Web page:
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History of the Meiji Gakuin Collections: valuable books and background to the collections

1. Books donated when Tokyo Icchi Shin-Gakko (Tokyo Union Theological Seminary) opened

画像:Hepburn’s signature in the books he donated.

Hepburn’s signature in the books
he donated.

In June 1877, three missions (the Presbyterian Church in the United States of America, United Presbyterian Church of Scotland, and Dutch Reformed Church in America) held a joint committee and decided on a plan to establish “Tokyo Icchi Shin-Gakko.” Following this decision, a great number of books were donated from Scotland, Britain, and the United States of America. These books include a written note, which includes the donor’s names, stating that the book was “Presented to the Union Theological School.” In addition, there are books on Japan owned by Dr. Hepburn. However, these books were already valuable back then, and therefore include a written note saying “Loaned to.”


2. Books owned by Tsukiji Dai-Gakko

画像:Ownership stamp “Tsukiji Dai-Gakko”

Ownership stamp
“Tsukiji Dai-Gakko”

Tsukiji Dai-Gakko was a liberal arts school for English studies. A monument is built to mark the birthplace of Meiji Gakuin at the site where the 6th building of the Tsukiji enclave once stood.


3. Books owned by Tsukiji Hospital

These books were owned by Tsukiji Hospital (1874-1886) run by Tokyo Union Church, which was located across the street from Tsukiji Dai-Gakko (currently St Luke’s Garden Tower). Dr. Henry Faulds, famous for discovering and developing fingerprints and fingerprinting, was the superintendent of the hospital. He also taught as a professor at Tsukiji Dai-Gakko and Tokyo Icchi Eiwa-Gakko (United Japanese-English Union School). Faulds is also known for creating the first textbook for the visually impaired in Japan together with Ginko Kishida and others. The National Police Agency has built a monument to mark the “birthplace of fingerprint studies” at the site where Tsukiji Hospital used to be.


4. Books owned by Tokyo Icchi Eiwa-Gakko

画像:Ownership stamp “Tokyo Icchi Eiwa-Gakko”

Ownership stamp
“Tokyo Icchi Eiwa-Gakko”

These books were owned by the college, which was the result of the merging of Tsukiji Dai-Gakko and the Senshi Gakko in Yokohama, which was managed by the Dutch Reformed Church in America.


5. Books from the early days of Meiji Gakuin

These books were donated by or bought from Britain and the United States in the middle of the Meiji period, when Meiji Gakuin was established by the merger of the schools. They are primarily foreign books, although some are Japanese. There are also books donated by Dr. Hepburn.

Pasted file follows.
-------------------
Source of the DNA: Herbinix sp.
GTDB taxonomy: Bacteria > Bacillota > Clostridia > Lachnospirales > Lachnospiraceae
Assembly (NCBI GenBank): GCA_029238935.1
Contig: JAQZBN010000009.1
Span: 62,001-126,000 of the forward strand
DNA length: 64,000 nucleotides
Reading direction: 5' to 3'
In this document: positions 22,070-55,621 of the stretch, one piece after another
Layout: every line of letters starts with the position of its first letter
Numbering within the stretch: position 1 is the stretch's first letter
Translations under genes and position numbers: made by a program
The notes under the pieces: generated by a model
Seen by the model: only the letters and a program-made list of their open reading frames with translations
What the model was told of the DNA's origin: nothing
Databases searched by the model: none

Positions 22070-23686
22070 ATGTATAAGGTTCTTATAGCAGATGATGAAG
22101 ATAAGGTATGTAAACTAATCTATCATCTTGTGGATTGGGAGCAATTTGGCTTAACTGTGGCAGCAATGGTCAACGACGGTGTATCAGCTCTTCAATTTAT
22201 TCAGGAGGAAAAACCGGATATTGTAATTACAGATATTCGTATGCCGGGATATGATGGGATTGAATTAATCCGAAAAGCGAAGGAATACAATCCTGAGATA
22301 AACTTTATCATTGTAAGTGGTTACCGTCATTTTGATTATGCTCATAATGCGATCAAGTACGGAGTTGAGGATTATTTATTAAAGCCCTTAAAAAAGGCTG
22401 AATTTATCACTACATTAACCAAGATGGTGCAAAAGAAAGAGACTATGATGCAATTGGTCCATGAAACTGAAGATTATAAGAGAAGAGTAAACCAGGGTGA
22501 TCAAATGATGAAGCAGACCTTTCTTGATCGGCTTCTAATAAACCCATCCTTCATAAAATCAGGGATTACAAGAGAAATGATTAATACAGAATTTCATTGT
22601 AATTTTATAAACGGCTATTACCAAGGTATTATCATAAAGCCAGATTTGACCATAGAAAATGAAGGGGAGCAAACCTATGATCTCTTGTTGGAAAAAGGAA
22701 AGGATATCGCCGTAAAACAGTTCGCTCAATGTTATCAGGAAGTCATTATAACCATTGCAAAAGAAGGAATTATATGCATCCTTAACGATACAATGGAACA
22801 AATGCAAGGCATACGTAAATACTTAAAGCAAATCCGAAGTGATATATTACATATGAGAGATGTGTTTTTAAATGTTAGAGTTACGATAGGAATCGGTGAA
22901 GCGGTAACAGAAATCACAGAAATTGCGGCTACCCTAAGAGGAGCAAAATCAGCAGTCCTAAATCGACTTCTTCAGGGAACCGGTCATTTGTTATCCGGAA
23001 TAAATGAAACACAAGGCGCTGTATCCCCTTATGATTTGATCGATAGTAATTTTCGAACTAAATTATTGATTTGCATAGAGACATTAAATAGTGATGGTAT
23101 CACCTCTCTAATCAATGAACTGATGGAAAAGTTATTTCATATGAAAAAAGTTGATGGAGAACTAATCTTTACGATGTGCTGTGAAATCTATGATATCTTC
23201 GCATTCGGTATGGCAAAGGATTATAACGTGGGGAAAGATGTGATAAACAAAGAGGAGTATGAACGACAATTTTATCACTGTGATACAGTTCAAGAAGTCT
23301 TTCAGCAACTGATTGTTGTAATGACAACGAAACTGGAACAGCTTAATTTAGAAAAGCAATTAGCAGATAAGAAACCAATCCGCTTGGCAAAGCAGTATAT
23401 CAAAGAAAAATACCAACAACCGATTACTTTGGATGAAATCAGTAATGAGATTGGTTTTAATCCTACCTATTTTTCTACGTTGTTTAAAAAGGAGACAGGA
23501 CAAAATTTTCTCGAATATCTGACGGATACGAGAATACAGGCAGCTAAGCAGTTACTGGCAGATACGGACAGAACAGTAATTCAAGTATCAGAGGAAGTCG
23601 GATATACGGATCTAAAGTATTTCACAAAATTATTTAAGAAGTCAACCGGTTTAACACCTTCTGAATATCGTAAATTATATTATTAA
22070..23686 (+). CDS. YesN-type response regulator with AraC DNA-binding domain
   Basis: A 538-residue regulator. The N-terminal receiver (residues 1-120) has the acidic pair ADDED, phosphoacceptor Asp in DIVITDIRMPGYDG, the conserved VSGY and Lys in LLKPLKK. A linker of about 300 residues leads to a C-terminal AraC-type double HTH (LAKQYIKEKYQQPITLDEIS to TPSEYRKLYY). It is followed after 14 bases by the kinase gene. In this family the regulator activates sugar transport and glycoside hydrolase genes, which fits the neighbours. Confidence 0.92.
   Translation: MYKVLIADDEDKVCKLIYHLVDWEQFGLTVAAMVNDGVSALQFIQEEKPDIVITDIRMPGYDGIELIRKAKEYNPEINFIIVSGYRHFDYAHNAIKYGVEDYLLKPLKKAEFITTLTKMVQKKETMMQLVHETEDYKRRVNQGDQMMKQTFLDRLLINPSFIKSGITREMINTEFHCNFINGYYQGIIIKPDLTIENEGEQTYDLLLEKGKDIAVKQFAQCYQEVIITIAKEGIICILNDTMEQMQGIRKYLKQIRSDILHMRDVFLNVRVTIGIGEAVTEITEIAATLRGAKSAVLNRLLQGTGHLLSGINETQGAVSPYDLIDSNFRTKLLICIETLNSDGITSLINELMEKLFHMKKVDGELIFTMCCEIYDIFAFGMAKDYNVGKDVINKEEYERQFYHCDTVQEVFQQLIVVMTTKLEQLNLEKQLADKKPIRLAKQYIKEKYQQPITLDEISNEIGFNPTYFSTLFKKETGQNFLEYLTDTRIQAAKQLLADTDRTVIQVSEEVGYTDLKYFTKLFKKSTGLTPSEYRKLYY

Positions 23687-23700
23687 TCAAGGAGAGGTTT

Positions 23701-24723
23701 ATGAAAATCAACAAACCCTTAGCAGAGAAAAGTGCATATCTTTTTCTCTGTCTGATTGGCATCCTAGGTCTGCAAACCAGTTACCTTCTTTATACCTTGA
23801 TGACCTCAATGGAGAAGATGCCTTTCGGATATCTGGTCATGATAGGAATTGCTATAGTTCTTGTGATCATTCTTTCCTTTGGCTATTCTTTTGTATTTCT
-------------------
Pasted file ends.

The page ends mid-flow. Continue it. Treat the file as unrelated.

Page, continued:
画像:Ownership stamp “Meiji Gakuin”

Ownership stamp “Meiji Gakuin”

画像:Hepburn’s signature

Hepburn’s signature


6. Books owned by Tozan Gakuin “Steel Academy”


“Tozan Gakuin” “Steel Academy”
Ownership stamp

Tozan Gakuin, a reformed mission school in Nagasaki, became Meiji Gakuin Dai-ni Chugaku-bu (second junior high school) in 1932. Later, it was integrated into Meiji Gakuin. These books were housed in the library of this school.


7. Books formerly owned by the Yokohama United Club (YUC)

画像:“YUC” Ownership stamp

“YUC” Ownership stamp

The Yokohama United Club was a social club with its own library located in the Yokohama enclave. It began as a joint service club in 1863 and was expanded in 1873, playing a prominent role in the enclave. The books are marked with the ownership stamp comprising the letters YUC combined. Although not listed in the catalog, a number of books are housed by Meiji Gakuin.


8. Books donated by those related to Presbyterian missions during the immediate post-WWⅡ years 

画像:“Donation stamp”

Donation stamp

Mr. and Mrs. Hannaford were assigned as missionaries in 1946. These books were gathered and donated by people in the United States around that time for the re-establishment of Meiji Gakuin.


9. Books from the United States (US) military forces

To prepare for the country’s upcoming occupation of Japan, the United States began research on Japan at Harvard University and other places as soon as the Pacific War broke out by printing large numbers of American versions of various Japanese language dictionaries, Kanwa (Chinese character) dictionaries, English-Japanese dictionaries, and Japanese-English dictionaries. The United States also proceeded with cultural studies such as The Chrysanthemum and the Sword: Patterns of Japanese Culture. Meiji Gakuin University owns a portion of these dictionaries and a portion of literary works brought in by US military forces during the occupation.

画像:“US military forces” stamp

“US military forces” stamp

画像:“US special forces” stamp

“US special forces” stamp

画像:Introduction of an American version

Introduction of
an American version


10. Books gathered during the activities of Meiji Gakuin

Other than the special materials listed above, there are also materials that have accumulated in the library of Meiji Gakuin consequent to regular research and education activities. These sometimes go through changes in keeping with advancing time.

Some of these books went beyond research objectives to become the cultural property of society, and others went beyond the original intention of ownership across the ages with various factors complexly intertwined and came to form important themes relevant to the times.

With 150 years of history, Meiji Gakuin contributed its English skills during the establishment of modern Japan, thus making a significant mark. The predecessors’ efforts in the fields of dictionaries, conversation books, Bibles, Christian books, social activities, and literature were reorganized for the establishment of the university’s distinctive collections, which will continue to grow in the future.